2021 Catch-Up Explosion, Part 2

Unfortunately, we didn’t review in real time every important 2021 release; thankfully, there’s still time to catch up on essential missed albums, EPs, and singles. This is the second of two 2021 Catch-Up Explosions (read the first one here), featuring in alphabetical order 12 more releases.

Anz - All Hours: On her debut Ninja Tune EP, Manchester DJ Anz successfully crafts a variety of “[dance] music for all hours,” including freestyle, garage, UK bass, and breakbeat. Over All Hours’ 23 minutes, Anz maintains the sparkling, upbeat vibe, such as on the glistening “You Could Be,” featuring West London soul singer George Riley (whose interest rates, a tape is also worth a listen). This is the sound of someone who deeply understands dance music’s history and fundamentals, and the already very good All Hours suggests Anz’ even greater potential. 7/10

Black Country, New Road - For the first time: Black Country, New Road might be the London rock scene’s most exciting new band; while they incorporate existing ideas and aesthetics from post-punk and post-rock, their spacious sound and compositional scope is a fresh take on tradition. Incorporating elements of free jazz and math rock with a lineup including saxophone, violin, and keyboards, their debut album For the first time is one of this year’s most exciting releases, with masterful musicianship, brilliant lyrical storytelling, and multi-part songs that don’t at all feel indulgent or forced. I could go on about how great it is, but it’s best to listen to this true modern rock essential yourself. 8/10

Playboi Carti - Whole Lotta Red: After two years of teasing and failing to drop Whole Lotta Red, Playboi Carti released it on Christmas 2020 (though many count it as a 2021 release) to exhausted and confused audiences. With production by F1lthy, Pi’erre Bourne, Art Dealer, and others, Whole Lotta Red is a sprawling, experimental industrial trap album filled with boisterous punk energy. Carti’s verses—fittingly braggadocious, and obsessed with vampirical rock star imagery—bounce off the walls as distorted synths and 808s create hectic backgrounds. It’s a bit too long, though it’s brilliantly forward-thinking, uncompromising, and polarizing. Whole Lotta Red may not be Carti’s most consequential work, but its fans will listen to and remember it for years. Count me among them. 8/10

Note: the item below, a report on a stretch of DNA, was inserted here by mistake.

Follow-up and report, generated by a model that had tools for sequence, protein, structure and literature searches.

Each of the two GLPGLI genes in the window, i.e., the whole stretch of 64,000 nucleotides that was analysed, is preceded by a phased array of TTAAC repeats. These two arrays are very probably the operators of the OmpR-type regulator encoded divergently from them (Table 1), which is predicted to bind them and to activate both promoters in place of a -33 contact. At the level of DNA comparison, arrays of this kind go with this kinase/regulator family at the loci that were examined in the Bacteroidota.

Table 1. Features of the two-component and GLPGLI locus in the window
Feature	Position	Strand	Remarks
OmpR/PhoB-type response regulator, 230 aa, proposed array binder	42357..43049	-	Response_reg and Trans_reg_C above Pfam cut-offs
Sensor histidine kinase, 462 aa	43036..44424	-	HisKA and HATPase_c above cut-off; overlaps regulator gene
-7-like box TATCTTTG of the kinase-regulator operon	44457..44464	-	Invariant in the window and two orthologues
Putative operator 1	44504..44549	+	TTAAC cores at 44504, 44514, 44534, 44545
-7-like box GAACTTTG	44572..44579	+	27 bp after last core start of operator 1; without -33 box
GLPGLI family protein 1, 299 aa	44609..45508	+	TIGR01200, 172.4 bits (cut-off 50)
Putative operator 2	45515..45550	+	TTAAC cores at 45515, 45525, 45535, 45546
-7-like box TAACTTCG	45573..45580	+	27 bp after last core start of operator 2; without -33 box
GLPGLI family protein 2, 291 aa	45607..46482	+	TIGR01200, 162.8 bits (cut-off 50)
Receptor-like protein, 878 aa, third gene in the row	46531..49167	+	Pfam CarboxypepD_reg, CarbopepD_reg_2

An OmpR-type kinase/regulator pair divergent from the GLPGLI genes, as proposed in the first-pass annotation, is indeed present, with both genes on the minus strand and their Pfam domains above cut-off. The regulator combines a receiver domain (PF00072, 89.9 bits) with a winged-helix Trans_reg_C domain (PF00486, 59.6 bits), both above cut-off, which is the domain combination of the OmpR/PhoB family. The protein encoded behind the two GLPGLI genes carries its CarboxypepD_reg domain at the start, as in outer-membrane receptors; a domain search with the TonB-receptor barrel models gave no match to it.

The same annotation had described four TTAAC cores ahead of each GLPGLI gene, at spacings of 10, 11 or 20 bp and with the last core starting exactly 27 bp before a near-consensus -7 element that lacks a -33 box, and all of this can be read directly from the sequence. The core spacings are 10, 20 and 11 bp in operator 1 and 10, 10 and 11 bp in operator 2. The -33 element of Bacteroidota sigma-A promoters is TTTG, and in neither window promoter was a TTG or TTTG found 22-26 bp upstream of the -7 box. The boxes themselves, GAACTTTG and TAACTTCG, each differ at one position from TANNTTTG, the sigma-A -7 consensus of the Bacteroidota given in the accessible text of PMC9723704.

Sam Fender - Seventeen Going Under: On his sophomore album Seventeen Going Under, British singer-songwriter Sam Fender heavily draws from Springsteen’s 80s heartland rock sound and adds his own brand of sometimes compelling, often politically-focused lyricism. The predictable production suffocates the final product, but there’s something here. 6/10

Glaive - all dogs go to heaven: One of hyperpop’s major stars (and among the first to land a major label deal), 16-year-old Glaive’s music is catchy and economical; none of his solo tracks run past two and a half minutes, but they manage to have complete structures and earworm hooks. On his second EP all dogs go to heaven, his songs are tighter and cleaner, with more articulate vocals and chart-leaning production choices that still retain hyperpop’s abrasiveness. However, Glaive’s wider pop ambitions and increased resources come at the expense of his earlier work’s rougher homemade charm, and also leads to failed attempts at epic universality like “all dogs go to heaven (outro).” Still, his career will be worth following. Listeners older than 20 will reasonably find this music too juvenile for their tastes, but even then there’s no denying “detest me” or “i wanna slam my head against the wall”’s infectious nature. 6/10

Glaive & ericdoa - then i’ll be happy: A couple months after all dogs go to heaven, Glaive joined his fellow hyperpop traveler ericdoa for the collaborative EP then i’ll be happy. Unfortunately, their friendship doesn’t translate to great music; there’s a tension between their production preferences (ericdoa’s music is breezier, while Glaive gravitates towards heavier digital distortion), and the songs aren’t consistently as good. The 15-minute final product sounds overproduced and formulaic, as if they’ve run out of new ideas or haven’t actually been dumped or rejected recently enough (but if so, good for them). That said, “mental anguish” and “fuck this town” are good songs. 6/10

Midwife - Luminol: Luminol, the third album from Midwife (Madeline Johnston), is a spacious shoegaze/slowcore blend (she calls it “heaven metal”) that you can disappear into but still find your way out of. With Johnston’s processed vocals and a soft drum machine behind enveloping layers of distorted guitars, Luminol is dark and grief-stricken—immersive enough to draw you in, but short enough to keep listeners at a safe emotional distance. It’s not for everyone (Johnston’s vocals are definitely an acquired taste), but it’s a well-built album recommended for adventurous listeners. 7/10

Mustafa - When Smoke Rises: On his short debut LP When Smoke Rises, poet and songwriter Mustafa Ahmed—backed by a sparse palette of acoustic guitar, piano, and light electronics—recalls his upbringing in Toronto’s Regent Park projects. His lyrics are unadorned portrayals of gun violence and traumatic loss as well as an analysis of his scars; it’s an absolutely powerful record demanding your attention. The production blends together a bit too much, but under no circumstance should that discourage anyone from listening. 7/10